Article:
Cups, Chronicles, and Conflict: In conversation with Alana Hunt

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Image: Alana Hunt.

Cups of Nun Chai (2020), published by Yarbal Books, is an archive of stories that give a glance into the extraordinary lives of ordinary people affected by the Kashmir conflict.

Led by the 2010 civilian uprising in the valley post the killing of 17 year-old-boy Tufail Mattoo, the book attests to the loss of lives, power dynamics in politics, influence of the nation-state on the commonfolk, leaping into the normalization of political violence and death in the region: all taking place in the social realm, with real experiences and conversations over cups of nun chai, a popular salt tea beverage in Kashmir.

The book, episodically published in the Kashmir Reader newspaper in the beginning and shown in multiple exhibitions, strings together tiny but crucial moments marking the suffering and catastrophe of people involved in the Kashmir conflict over 118 cups or stories of people from varied walks of life, unfolding over a decade – with stories that explore the framework and repercussions of the politics, society and milieu of Kashmir and the conflict.

In a conversation with Free Press Kashmir, Alana Hunt – author of the book, answers questions about the expositional value of political art today, normalization of violence, dealing with the intricacies of documentation, the process of chronicling colossal conflicts, the need for Kashmiri solidarity, and much more.


Free Press Kashmir: If you could talk a bit about your first visit to Kashmir in 2009 as an intern with an NGO – how did it alter your perspective about Kashmir and what exactly kindled the zest to attempt to chronicle the conflict?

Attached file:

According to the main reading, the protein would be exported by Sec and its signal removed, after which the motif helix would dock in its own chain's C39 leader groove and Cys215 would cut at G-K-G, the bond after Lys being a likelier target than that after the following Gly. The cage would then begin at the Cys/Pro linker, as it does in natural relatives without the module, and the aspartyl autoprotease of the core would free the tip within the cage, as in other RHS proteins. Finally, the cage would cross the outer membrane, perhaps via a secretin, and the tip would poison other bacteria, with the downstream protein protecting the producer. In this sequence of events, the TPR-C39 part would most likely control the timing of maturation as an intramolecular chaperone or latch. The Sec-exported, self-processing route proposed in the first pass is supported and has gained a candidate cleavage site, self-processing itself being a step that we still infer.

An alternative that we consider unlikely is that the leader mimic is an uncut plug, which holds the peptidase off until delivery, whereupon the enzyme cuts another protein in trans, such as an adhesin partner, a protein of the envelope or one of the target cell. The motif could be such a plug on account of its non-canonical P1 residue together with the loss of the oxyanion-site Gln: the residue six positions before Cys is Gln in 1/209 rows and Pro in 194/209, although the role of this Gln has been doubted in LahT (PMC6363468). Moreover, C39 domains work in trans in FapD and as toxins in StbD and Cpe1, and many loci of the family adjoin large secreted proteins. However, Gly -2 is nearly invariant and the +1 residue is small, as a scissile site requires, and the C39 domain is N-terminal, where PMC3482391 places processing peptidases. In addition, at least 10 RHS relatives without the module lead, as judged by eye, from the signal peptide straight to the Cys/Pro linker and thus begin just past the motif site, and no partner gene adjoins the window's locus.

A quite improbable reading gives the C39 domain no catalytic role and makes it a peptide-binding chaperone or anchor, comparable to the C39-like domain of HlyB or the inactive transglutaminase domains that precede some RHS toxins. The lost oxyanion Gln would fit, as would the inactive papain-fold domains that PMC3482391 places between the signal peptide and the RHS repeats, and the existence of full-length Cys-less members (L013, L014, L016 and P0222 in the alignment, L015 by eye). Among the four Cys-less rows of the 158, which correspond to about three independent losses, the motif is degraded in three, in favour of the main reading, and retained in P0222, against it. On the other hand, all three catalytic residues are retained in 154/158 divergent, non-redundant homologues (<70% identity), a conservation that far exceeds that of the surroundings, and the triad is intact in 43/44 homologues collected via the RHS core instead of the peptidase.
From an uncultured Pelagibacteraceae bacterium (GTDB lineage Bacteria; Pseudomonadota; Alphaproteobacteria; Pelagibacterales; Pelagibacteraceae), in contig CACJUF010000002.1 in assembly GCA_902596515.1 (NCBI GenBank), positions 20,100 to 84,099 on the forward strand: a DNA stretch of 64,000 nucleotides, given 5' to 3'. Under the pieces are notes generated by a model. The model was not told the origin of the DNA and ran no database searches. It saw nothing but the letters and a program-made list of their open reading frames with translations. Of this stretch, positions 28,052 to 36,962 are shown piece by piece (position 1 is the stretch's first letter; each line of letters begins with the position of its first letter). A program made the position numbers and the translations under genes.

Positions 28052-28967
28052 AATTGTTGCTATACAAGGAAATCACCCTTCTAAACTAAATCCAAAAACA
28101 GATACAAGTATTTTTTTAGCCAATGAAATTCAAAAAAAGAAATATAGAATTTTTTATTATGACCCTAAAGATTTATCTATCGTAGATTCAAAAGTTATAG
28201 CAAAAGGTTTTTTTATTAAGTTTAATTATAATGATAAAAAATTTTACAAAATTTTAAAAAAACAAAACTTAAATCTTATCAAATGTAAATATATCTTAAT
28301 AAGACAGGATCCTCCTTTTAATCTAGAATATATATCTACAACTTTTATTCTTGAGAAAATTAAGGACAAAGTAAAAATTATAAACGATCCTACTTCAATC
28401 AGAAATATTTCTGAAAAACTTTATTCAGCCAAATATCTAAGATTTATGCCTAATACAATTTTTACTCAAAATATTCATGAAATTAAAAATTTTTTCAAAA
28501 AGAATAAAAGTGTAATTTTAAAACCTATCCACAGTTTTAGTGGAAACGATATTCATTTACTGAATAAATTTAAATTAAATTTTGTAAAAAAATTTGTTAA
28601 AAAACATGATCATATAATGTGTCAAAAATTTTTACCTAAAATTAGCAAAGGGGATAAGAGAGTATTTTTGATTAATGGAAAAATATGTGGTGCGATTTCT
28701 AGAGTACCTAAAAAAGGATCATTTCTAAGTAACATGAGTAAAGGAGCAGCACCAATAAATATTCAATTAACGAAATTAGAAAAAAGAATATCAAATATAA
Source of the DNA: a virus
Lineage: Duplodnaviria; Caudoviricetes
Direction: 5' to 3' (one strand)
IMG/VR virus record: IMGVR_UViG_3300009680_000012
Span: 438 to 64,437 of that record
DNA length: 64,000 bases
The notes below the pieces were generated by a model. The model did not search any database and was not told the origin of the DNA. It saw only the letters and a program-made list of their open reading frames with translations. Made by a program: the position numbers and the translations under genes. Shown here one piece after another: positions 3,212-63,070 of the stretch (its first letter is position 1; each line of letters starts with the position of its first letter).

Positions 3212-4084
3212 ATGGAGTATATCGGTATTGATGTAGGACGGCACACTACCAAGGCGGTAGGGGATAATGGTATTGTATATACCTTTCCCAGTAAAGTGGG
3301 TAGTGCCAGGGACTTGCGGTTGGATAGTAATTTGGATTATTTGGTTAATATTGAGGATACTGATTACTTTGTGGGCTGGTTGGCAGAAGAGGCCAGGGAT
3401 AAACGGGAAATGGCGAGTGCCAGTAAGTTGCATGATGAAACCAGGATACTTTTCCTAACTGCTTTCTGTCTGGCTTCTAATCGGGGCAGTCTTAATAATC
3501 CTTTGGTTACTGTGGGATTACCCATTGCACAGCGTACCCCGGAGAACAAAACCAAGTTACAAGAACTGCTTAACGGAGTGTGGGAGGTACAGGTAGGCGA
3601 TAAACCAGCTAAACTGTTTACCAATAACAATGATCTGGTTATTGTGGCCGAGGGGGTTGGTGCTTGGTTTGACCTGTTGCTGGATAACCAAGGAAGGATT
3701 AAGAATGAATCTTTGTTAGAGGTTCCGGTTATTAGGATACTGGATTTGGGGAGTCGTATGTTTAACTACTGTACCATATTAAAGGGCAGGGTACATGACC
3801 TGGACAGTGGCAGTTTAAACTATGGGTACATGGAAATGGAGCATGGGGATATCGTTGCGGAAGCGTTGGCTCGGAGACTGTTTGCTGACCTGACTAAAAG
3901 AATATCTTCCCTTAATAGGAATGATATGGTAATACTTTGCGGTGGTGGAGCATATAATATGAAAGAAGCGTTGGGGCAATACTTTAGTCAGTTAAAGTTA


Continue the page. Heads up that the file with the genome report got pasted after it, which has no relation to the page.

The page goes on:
Alana Hunt: Prior to actually visiting Kashmir I had caught glimpses of the place through discussions with friends in Delhi, and particular texts. Most notably the book 13 December: The Strange Case of the Attack on the Indian Parliament (Penguin, 2006) and Sanjay Kak’s documentary Jashn-e-Azadi (2007).

I never considered the possibility of going to Kashmir until, during the summer break from university, there was an opportunity to work as an intern with an NGO. For a month I lived with and worked alongside social workers and their families in Kupwara, Sopore, and near Uri. This suddenly rendered Kashmir personal and material, no longer abstract or theoretical. On that first trip, I travelled light. I carried no camera and took with me only one book: a bound photocopy of Agha Shahid Ali’s writing.

I never thought about making work around Kashmir until I got news of the 2009 ban on prepaid mobile phones. As someone so new to Kashmir it seemed utterly absurd. This was only compounded by the fact that no one around me in Delhi seemed to think twice about their government disabling phones across an entire population of people it was claiming as their own citizens. In response, I made Paper txt msgs from Kashmir (2009-11).

In that sense, it has always been particular events that have kindled my work.


FPK: A riveting aspect you touch in the book is that of the ‘shallow nature of western empathy’. Please elaborate on the same, particularly with context to South-Asian conflicts.

AH: Just as Paper txt msgs from Kashmir was spurred on by the fact no one around me in Delhi was taking note, so too Cups of nun chai (2010-ongoing) grew in that space of indifference, though this time from the context of Sydney.

A key undercurrent in Cups of nun chai asks, when a nation’s armed forces kill unarmed civilians in a place distant to where you are, what might be an appropriate response? Though the degree of distance is different, this is a question with the capacity to resonate in Sydney as much as in New Delhi.